Israel and Iran are arch-enemies. While Tehran uses Hezbollah and Palestinian groups, Jerusalem attacks directly.
By Marco Maier
For many years now there has been a war in the Middle East, which has not yet fully escalated due to the fragile security conditions in the region. It is the one between Iran and Israel. Two states that are completely hostile to each other – they are so called arch-enemies.
While Iran does not recognize Israel’s right to exist and is fighting Zionism, the Jewish state has been fighting for its survival – supported by the Americans and the Europeans – since its foundation in 1948. Unlike 2000 years ago, when the whole Levant was multi-ethnic and multi-religious, the region is now dominated by Muslims. And according to the line that every piece of land ever settled or conquered by Muslims is part of the Muslim world, this claim also applies to the whole of Palestine.
On the other side, the Israeli leadership is trying to realize the Yinon Plan and to establish its Erez Israel (Greater Israel) by referring to its own religious texts. These are conflicting territorial interests that inevitably must lead to war.
No wonder, then, that the Iranian leadership, in addition to the Shiite militia Hezbollah (especially in Lebanon), also supports various militant Palestinian groups that repeatedly carry out attacks on Israel. The establishment of a „Shiite crescent“ under the control of Tehran is also part of Iranian strategy.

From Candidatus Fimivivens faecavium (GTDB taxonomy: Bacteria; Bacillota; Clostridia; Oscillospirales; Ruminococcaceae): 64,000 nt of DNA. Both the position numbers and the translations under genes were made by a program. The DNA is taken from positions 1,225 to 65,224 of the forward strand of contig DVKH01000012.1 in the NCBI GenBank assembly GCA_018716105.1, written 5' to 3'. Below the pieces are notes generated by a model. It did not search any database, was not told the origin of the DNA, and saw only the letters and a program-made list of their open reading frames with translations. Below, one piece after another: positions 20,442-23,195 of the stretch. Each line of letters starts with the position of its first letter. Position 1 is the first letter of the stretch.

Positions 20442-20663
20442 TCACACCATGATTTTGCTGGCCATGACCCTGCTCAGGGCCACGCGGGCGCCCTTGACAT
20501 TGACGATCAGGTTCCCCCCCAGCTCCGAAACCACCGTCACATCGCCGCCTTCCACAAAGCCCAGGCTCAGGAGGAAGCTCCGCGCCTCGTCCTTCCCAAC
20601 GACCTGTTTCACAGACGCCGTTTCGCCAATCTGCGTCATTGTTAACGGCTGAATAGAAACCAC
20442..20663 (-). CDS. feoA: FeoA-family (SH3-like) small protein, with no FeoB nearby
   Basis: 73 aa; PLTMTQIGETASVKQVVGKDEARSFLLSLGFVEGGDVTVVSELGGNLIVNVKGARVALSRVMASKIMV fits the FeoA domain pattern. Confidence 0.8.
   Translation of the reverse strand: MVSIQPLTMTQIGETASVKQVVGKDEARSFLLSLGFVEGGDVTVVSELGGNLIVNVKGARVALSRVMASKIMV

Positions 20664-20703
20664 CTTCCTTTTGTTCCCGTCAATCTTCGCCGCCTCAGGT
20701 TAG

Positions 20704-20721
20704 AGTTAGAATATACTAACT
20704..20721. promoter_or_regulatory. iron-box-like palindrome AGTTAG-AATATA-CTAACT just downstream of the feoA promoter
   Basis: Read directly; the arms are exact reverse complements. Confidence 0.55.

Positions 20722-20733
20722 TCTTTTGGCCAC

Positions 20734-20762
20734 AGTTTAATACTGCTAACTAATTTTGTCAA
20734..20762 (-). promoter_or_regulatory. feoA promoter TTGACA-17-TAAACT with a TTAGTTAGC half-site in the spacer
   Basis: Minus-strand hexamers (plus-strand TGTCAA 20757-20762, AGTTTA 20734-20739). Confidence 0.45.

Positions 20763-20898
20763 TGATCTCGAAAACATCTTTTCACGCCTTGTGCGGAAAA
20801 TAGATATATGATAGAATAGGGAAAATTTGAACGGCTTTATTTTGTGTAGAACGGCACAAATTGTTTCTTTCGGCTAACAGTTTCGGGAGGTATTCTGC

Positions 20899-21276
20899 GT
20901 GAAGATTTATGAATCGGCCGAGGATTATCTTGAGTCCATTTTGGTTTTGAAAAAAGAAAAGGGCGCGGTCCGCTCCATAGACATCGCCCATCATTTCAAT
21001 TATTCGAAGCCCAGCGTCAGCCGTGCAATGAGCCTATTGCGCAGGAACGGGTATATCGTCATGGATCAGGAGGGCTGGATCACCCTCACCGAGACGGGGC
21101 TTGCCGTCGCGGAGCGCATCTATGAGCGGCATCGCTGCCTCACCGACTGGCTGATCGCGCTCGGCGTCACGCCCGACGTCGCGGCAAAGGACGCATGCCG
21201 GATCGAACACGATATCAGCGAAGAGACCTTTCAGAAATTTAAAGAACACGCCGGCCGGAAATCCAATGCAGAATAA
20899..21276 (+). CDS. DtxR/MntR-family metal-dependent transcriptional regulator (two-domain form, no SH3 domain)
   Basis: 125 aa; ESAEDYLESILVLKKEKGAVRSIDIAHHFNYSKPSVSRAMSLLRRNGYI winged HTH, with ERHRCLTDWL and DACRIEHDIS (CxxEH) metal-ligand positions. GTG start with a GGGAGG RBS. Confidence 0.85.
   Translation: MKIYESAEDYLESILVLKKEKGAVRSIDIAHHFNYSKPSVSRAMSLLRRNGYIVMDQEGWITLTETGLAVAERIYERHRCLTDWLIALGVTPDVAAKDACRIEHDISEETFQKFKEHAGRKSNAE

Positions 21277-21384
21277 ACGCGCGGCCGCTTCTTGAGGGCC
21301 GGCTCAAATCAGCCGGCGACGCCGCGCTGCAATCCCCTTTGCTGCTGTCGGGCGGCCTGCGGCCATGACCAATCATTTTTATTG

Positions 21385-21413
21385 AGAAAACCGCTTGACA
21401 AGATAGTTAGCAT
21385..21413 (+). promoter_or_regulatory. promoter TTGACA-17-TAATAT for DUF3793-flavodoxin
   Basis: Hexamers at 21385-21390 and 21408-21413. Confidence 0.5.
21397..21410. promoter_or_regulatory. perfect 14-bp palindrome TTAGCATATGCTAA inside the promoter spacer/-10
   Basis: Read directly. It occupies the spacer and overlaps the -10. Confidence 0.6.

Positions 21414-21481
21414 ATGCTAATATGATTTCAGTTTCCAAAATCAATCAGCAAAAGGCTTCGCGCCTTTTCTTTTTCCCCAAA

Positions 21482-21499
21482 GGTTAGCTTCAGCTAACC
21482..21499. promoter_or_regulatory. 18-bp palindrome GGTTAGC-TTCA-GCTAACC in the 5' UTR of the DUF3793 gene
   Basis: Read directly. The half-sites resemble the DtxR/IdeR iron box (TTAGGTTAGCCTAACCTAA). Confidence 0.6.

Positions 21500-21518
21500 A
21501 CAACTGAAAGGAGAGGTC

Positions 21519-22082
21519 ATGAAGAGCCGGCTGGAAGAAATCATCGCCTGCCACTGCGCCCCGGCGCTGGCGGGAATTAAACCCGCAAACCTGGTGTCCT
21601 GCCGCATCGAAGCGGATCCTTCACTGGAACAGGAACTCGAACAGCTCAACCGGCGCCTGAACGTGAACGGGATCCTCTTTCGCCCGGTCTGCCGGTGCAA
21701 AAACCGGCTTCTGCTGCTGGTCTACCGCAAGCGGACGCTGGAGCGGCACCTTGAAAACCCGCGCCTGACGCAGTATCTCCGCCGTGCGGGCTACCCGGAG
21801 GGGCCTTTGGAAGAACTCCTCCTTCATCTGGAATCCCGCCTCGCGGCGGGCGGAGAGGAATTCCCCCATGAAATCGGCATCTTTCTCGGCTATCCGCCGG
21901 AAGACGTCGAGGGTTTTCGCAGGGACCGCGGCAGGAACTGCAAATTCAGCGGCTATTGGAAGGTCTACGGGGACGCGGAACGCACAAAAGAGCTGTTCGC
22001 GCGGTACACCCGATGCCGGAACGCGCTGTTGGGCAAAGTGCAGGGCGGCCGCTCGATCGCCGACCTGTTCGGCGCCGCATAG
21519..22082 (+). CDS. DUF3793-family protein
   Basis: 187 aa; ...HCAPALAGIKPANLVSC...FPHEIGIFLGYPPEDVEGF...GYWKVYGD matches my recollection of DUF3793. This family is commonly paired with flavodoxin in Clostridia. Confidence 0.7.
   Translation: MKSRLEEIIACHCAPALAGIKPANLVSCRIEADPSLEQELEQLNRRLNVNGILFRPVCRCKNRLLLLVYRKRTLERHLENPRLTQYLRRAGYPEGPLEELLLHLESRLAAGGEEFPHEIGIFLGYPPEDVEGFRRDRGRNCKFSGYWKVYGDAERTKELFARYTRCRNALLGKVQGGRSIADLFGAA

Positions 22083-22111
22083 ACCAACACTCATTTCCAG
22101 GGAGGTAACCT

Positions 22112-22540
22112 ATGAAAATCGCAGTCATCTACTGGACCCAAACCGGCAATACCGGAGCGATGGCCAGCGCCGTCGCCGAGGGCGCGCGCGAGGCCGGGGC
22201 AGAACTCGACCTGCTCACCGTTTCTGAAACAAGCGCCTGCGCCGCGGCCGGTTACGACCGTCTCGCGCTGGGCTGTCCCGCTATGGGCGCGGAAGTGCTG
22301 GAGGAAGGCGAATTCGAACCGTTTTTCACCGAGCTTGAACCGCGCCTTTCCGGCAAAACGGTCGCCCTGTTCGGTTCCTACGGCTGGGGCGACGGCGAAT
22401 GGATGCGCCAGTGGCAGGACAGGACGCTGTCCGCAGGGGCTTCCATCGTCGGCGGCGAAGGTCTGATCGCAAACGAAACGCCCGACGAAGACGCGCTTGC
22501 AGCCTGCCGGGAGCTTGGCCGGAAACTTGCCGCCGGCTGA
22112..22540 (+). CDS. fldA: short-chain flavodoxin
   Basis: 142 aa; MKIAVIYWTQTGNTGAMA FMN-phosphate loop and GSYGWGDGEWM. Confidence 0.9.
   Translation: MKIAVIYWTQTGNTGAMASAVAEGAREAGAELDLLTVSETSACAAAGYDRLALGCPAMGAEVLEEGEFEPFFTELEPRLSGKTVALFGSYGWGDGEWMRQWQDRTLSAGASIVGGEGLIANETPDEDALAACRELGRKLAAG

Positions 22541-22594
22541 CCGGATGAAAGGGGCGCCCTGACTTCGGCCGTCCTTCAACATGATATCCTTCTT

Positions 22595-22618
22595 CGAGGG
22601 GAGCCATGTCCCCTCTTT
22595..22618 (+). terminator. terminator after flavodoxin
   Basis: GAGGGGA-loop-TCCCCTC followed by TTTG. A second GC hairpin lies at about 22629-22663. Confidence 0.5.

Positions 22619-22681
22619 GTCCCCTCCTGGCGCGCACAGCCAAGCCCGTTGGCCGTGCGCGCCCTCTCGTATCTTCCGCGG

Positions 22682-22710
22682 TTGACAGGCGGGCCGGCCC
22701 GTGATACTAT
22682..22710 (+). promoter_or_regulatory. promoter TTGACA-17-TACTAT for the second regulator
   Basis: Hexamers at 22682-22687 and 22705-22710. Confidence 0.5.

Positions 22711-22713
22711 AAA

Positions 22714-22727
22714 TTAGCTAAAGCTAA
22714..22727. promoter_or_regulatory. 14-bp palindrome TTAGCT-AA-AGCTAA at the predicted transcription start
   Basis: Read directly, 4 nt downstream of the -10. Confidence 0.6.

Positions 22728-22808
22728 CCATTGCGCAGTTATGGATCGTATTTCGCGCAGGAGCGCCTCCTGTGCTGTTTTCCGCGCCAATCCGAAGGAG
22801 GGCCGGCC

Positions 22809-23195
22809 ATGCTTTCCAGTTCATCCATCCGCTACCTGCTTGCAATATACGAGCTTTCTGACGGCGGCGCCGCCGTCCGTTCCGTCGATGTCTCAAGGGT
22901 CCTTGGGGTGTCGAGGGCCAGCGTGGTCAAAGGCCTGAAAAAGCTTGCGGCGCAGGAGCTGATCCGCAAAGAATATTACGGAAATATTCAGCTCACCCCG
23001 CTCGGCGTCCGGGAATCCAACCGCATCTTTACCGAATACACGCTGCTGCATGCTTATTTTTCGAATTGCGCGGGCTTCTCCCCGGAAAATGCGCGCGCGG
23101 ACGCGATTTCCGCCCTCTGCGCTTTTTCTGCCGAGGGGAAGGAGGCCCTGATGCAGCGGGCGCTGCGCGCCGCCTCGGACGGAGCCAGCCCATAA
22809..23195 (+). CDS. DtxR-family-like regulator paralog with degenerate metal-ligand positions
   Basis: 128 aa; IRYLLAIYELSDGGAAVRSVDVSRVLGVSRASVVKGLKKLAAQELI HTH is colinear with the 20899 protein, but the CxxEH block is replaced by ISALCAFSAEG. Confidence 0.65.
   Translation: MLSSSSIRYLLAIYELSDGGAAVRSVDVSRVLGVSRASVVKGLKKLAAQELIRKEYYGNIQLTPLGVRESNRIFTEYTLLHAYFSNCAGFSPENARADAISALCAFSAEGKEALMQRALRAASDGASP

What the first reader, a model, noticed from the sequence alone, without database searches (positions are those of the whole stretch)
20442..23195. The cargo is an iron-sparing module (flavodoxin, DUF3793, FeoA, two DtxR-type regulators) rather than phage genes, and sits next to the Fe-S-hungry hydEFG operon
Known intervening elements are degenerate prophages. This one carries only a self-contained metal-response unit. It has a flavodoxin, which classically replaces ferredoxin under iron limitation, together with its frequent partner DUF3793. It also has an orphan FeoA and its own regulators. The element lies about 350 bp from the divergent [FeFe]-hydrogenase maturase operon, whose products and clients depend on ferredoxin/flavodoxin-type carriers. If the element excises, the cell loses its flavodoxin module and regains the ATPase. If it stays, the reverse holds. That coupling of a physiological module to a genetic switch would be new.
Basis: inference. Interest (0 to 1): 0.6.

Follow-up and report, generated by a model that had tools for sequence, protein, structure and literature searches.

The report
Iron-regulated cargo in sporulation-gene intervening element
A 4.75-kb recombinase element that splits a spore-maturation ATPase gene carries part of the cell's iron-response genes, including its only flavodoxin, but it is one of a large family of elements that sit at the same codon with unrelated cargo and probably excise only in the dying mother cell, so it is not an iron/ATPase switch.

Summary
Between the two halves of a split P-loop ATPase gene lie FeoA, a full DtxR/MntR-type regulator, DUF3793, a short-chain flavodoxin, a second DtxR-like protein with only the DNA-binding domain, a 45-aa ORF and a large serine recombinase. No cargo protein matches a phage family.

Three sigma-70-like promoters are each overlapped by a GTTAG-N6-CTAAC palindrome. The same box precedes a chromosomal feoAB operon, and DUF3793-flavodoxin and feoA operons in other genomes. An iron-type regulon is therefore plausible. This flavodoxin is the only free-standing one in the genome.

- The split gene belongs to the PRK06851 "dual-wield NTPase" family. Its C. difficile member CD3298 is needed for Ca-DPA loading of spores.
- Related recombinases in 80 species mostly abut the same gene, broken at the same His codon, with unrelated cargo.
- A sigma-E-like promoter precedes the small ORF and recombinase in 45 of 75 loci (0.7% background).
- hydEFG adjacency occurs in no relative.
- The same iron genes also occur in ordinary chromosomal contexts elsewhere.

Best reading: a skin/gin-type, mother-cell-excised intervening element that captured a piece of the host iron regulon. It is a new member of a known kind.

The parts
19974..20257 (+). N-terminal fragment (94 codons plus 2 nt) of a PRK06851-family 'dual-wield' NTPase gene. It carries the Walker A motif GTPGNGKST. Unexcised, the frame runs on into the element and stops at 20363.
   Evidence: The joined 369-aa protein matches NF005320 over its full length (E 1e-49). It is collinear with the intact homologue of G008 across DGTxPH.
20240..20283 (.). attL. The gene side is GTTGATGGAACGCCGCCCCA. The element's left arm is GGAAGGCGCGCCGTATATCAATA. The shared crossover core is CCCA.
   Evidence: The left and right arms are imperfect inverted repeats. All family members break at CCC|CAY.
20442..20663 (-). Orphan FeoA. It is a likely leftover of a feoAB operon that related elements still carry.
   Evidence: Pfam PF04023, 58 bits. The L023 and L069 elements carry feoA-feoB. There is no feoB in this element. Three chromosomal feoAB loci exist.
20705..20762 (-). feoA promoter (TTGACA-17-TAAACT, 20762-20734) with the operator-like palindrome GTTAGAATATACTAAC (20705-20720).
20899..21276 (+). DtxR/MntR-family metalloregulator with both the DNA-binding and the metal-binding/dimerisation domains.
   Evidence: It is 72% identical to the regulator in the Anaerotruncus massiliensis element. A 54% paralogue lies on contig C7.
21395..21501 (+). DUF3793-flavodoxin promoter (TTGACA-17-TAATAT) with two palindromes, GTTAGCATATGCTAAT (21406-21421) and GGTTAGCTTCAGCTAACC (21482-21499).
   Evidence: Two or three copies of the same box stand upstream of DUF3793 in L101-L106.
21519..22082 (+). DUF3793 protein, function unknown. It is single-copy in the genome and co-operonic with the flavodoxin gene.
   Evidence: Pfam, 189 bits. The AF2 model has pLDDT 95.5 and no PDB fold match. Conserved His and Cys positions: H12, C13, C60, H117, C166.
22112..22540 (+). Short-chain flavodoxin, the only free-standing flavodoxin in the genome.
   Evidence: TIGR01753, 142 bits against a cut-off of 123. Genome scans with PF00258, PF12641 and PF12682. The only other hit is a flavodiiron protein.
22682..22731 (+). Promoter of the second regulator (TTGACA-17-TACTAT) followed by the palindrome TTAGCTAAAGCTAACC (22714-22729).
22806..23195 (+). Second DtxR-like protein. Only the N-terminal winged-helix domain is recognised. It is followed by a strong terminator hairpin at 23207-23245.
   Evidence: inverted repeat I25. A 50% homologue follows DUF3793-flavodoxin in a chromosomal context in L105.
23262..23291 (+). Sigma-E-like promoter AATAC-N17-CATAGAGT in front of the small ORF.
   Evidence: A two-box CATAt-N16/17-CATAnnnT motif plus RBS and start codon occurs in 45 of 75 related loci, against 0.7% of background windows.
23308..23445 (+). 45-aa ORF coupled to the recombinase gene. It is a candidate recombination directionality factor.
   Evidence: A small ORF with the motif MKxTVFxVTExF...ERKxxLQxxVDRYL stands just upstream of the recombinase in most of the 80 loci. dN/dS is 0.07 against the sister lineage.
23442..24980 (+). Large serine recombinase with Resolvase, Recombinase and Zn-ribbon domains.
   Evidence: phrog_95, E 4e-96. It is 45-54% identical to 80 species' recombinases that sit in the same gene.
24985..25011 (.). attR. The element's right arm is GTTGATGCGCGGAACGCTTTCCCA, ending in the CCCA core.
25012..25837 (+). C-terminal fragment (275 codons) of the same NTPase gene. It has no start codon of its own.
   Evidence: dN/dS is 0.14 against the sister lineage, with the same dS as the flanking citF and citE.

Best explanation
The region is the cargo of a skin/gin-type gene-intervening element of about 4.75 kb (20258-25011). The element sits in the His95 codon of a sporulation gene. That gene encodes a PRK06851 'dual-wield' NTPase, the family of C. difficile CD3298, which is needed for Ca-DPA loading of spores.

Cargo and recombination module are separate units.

At the same time, this leads to the Israeli air force repeatedly carrying out air attacks on Iranian troops and Iran-supported Shiite militias in Iraq and Syria. They represent an immediate national threat to Jerusalem. But that is not all.
The Israelis are also targeting the Iranian nuclear program. Although Tehran repeatedly emphasises that it only wants to operate its own nuclear power stations and is only aiming for civilian use, Jerusalem doubts this. Because: although the Ayatollah has branded nuclear weapons as „un-Islamic“ in a fatwa, the Israelis (who, by the way, possess nuclear weapons themselves, contrary to the provisions of the Non-Proliferation Treaty) do not believe a word the Iranians say.
No wonder, then, that Israel repeatedly carries out attacks even on Iranian territory. The most recent incidents (e.g. the explosion near the Parchin military base near Tehran or the recent explosion at the Natanz nuclear facility) are attributed to acts of Mossad or the Israeli Defence Force (IDF).
Although the Islamist leadership in Tehran claims that these were „accidents“, this should only serve to prevent further incitement of radical forces in the country. After all, this could be seen as an open declaration of war, which would make the leadership look „weak“ in the eyes of the Iranians themselves. The loss of face would be too great. How is it possible that the Israeli Air Force or the Mossad can operate in Iran virtually unhindered?
But all these actions show that Iran and Israel are already in a state of war, which is, at least for the time being, still limited. Despite the ongoing tensions, neither side currently seems interested in allowing them to escalate completely. Rather, it is a „policy of pinpricks“ to keep the hardliners in both governments happy. External enemies are always welcome if you want to rally a dissatisfied people behind you despite all the odds.
But when will this limited war escalate into a regional conflagration?